## 3.4 Outro

### 3.4.1 Remarks

Note that K-NN is suitable for any kind of multiclass classification.

Some algorithms we are going to discuss in the next part are restricted to binary (0/1) outputs. They will have to be extended somehow to allow for more classes.

In the next part we will try to answer the question of how to choose the best $$K$$, and hence how to evaluate and pick the best model.

We will also discuss some other noteworthy classifiers:

• Decision trees
• Logistic regression

### 3.4.2 Side Note: K-NN Regression

The K-Nearest Neighbour scheme is intuitively pleasing.

No wonder it has inspired a similar approach for solving a regression task.

In order to make a prediction for a new point $$\mathbf{x}'$$:

1. find the K-nearest neighbours of $$\mathbf{x}'$$ amongst the points in the train set, denoted $$\mathbf{x}_{i_1,\cdot}, \dots, \mathbf{x}_{i_K,\cdot}$$,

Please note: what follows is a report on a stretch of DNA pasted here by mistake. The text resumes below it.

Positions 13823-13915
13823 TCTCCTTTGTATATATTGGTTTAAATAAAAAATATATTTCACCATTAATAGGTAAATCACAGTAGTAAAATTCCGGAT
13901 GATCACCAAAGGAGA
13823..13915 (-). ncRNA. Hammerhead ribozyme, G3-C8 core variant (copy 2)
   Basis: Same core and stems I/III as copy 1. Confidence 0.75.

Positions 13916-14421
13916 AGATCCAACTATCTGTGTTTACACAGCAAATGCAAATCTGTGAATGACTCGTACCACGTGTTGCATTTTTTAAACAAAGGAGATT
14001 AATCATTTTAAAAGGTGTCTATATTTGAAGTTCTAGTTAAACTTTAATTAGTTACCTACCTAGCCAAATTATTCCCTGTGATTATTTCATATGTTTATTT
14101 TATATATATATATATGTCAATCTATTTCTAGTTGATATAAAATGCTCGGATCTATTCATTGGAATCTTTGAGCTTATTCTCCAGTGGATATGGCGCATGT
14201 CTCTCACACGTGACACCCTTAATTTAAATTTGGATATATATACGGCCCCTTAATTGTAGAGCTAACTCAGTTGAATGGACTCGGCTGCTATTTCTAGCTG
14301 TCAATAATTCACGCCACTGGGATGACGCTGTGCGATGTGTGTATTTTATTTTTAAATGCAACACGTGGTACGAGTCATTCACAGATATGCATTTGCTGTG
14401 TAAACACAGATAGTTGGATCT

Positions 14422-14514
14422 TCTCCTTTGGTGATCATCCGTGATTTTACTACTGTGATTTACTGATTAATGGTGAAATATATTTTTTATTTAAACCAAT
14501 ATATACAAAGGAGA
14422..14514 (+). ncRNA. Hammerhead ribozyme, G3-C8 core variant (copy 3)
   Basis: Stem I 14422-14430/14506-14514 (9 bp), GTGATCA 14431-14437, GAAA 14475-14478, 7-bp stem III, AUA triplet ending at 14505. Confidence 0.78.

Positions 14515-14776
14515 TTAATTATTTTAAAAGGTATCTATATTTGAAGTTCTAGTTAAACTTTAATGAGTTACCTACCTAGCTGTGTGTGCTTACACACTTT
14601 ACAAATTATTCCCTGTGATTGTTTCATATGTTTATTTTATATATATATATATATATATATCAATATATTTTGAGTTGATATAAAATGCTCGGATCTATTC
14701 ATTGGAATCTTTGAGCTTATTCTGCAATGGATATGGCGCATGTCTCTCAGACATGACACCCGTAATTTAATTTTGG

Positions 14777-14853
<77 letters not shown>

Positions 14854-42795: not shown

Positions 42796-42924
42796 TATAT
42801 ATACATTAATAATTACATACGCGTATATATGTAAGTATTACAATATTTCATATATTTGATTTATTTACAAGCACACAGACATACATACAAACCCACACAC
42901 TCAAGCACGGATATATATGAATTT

2. fetch the corresponding reference outputs $$y_{i_1}, \dots, y_{i_K}$$,
3. return their arithmetic mean as a result, $\hat{y}=\frac{1}{K} \sum_{j=1}^K y_{i_j}.$

Recall our modelling of the Credit Rating ($$Y$$) as a function of the average Credit Card Balance ($$X$$) based on the ISLR::Credit data set.

library("ISLR") # Credit dataset
Xc <- as.matrix(as.numeric(Credit$Balance[Credit$Balance>0]))
Yc <- as.matrix(as.numeric(Credit$Rating[Credit$Balance>0]))
library("FNN") # knn.reg function
x <- as.matrix(seq(min(Xc), max(Xc), length.out=101))
y1  <- knn.reg(Xc, x, Yc, k=1)$pred y5 <- knn.reg(Xc, x, Yc, k=5)$pred
y25 <- knn.reg(Xc, x, Yc, k=25)\$pred

plot(Xc, Yc, las=1, col="#666666c0",
xlab="Balance", ylab="Rating")
lines(x, y1,  col=2, lwd=3)
lines(x, y5,  col=3, lwd=3)
lines(x, y25, col=4, lwd=3)